what are 80s style foods?
October 12, 2009 10:46 AM   Subscribe

what are 80s style foods?

I'm going to a conference next week in Las Vegas, the big sponsored party night features a performance by Huey Lewis and the News and promises 80s style foods -- what is that?
posted by askmehow to Food & Drink (80 answers total) 9 users marked this as a favorite
 
Pop Rocks?
posted by jozxyqk at 10:46 AM on October 12, 2009


Sushi
Cool Ranch Doritos
posted by The World Famous at 10:48 AM on October 12, 2009


Sushi was new and trendy back in the '80s.
posted by Faint of Butt at 10:49 AM on October 12, 2009


Jolt cola.
posted by zombiebunny at 10:49 AM on October 12, 2009


mmmm, desert sushi. that reminds me of the quote from desperately seeking susan

paraphrasing what the cab driver says to susan: i don't know about that sushi. although i took some home one night, cooked it up and it tasted just like fish.
posted by askmehow at 10:50 AM on October 12, 2009


It's called "marketing gibberish"
posted by GuyZero at 10:50 AM on October 12, 2009 [2 favorites]


new coke and fruit rollups?
posted by mandymanwasregistered at 10:53 AM on October 12, 2009 [2 favorites]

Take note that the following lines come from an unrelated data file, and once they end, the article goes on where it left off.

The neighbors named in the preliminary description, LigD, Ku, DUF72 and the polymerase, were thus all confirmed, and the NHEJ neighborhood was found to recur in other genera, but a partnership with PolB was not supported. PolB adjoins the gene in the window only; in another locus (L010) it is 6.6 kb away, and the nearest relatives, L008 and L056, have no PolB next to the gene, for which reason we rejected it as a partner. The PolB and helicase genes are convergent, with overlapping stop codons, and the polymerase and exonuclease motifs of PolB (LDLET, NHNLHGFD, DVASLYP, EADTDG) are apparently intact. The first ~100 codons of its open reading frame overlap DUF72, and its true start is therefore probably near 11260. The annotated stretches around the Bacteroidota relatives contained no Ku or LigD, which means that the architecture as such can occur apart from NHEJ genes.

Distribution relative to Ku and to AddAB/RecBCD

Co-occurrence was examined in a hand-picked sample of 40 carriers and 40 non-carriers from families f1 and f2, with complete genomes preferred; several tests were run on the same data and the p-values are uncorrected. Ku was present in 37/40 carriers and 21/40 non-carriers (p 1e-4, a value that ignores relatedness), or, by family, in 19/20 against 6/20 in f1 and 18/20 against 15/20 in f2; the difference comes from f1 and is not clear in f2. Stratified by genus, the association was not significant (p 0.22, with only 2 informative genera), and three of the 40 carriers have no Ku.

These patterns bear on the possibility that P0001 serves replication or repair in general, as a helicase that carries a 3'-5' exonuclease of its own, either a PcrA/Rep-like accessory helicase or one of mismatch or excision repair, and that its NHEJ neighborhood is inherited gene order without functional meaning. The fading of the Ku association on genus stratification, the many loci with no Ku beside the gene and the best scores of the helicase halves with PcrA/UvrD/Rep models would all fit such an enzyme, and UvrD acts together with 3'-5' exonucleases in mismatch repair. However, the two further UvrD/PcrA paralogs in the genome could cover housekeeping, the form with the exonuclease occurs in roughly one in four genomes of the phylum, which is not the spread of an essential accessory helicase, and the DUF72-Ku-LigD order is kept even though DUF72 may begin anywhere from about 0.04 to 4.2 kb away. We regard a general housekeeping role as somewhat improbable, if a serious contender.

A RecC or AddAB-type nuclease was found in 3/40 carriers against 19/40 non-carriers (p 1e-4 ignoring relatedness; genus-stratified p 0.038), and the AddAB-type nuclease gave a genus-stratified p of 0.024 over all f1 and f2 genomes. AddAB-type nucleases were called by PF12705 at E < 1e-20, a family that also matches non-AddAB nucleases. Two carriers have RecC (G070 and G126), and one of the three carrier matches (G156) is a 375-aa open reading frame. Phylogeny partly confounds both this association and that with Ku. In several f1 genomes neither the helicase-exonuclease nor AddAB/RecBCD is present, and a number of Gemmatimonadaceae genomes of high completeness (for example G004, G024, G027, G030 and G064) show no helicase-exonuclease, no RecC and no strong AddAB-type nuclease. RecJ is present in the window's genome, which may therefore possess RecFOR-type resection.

My guess would be any ordinary party food decorated in some 80s-inspired way. Cake, for instance, with black and hot pink frosting or something like that.
posted by katillathehun at 10:54 AM on October 12, 2009


'80's cuisine? ...Strange. All I can think of is frozen yogurt, sushi, nachos, microwave popcorn (which replaced the foil "Jiffy Pop" shakers of the '70s) and Capri Sun juice pouches. Convenience was a marketed commodity of the era, so maybe corndogs and other individual-portioned foods/foods on sticks? I also recall pasta salads for some reason being a big deal in the 1980s.
posted by applemeat at 10:54 AM on October 12, 2009 [1 favorite]


(Carcinogenic) red M&Ms
posted by Cat Pie Hurts at 10:54 AM on October 12, 2009


Anything hotpocketesque
Anything with sundried-tomatoes
posted by 23skidoo at 10:55 AM on October 12, 2009


Tab
posted by one_bean at 10:56 AM on October 12, 2009 [1 favorite]


If it's catered, salmon mousse on cucumber slices. blackened/jerk chicken or fish, sushi, baked brie with nuts/fruits, cold soups, monkey bread.
posted by xingcat at 10:56 AM on October 12, 2009


Steak'ums. Fruit Roll-Ups.
posted by adipocere at 10:58 AM on October 12, 2009 [1 favorite]


Tab is 70's.
posted by GuyZero at 10:59 AM on October 12, 2009


Salsa. Gyros. Pesto. Hummus. ..And Etc. The Gentrification of traditionally ethnic foods by American "yuppies" of the 1980's.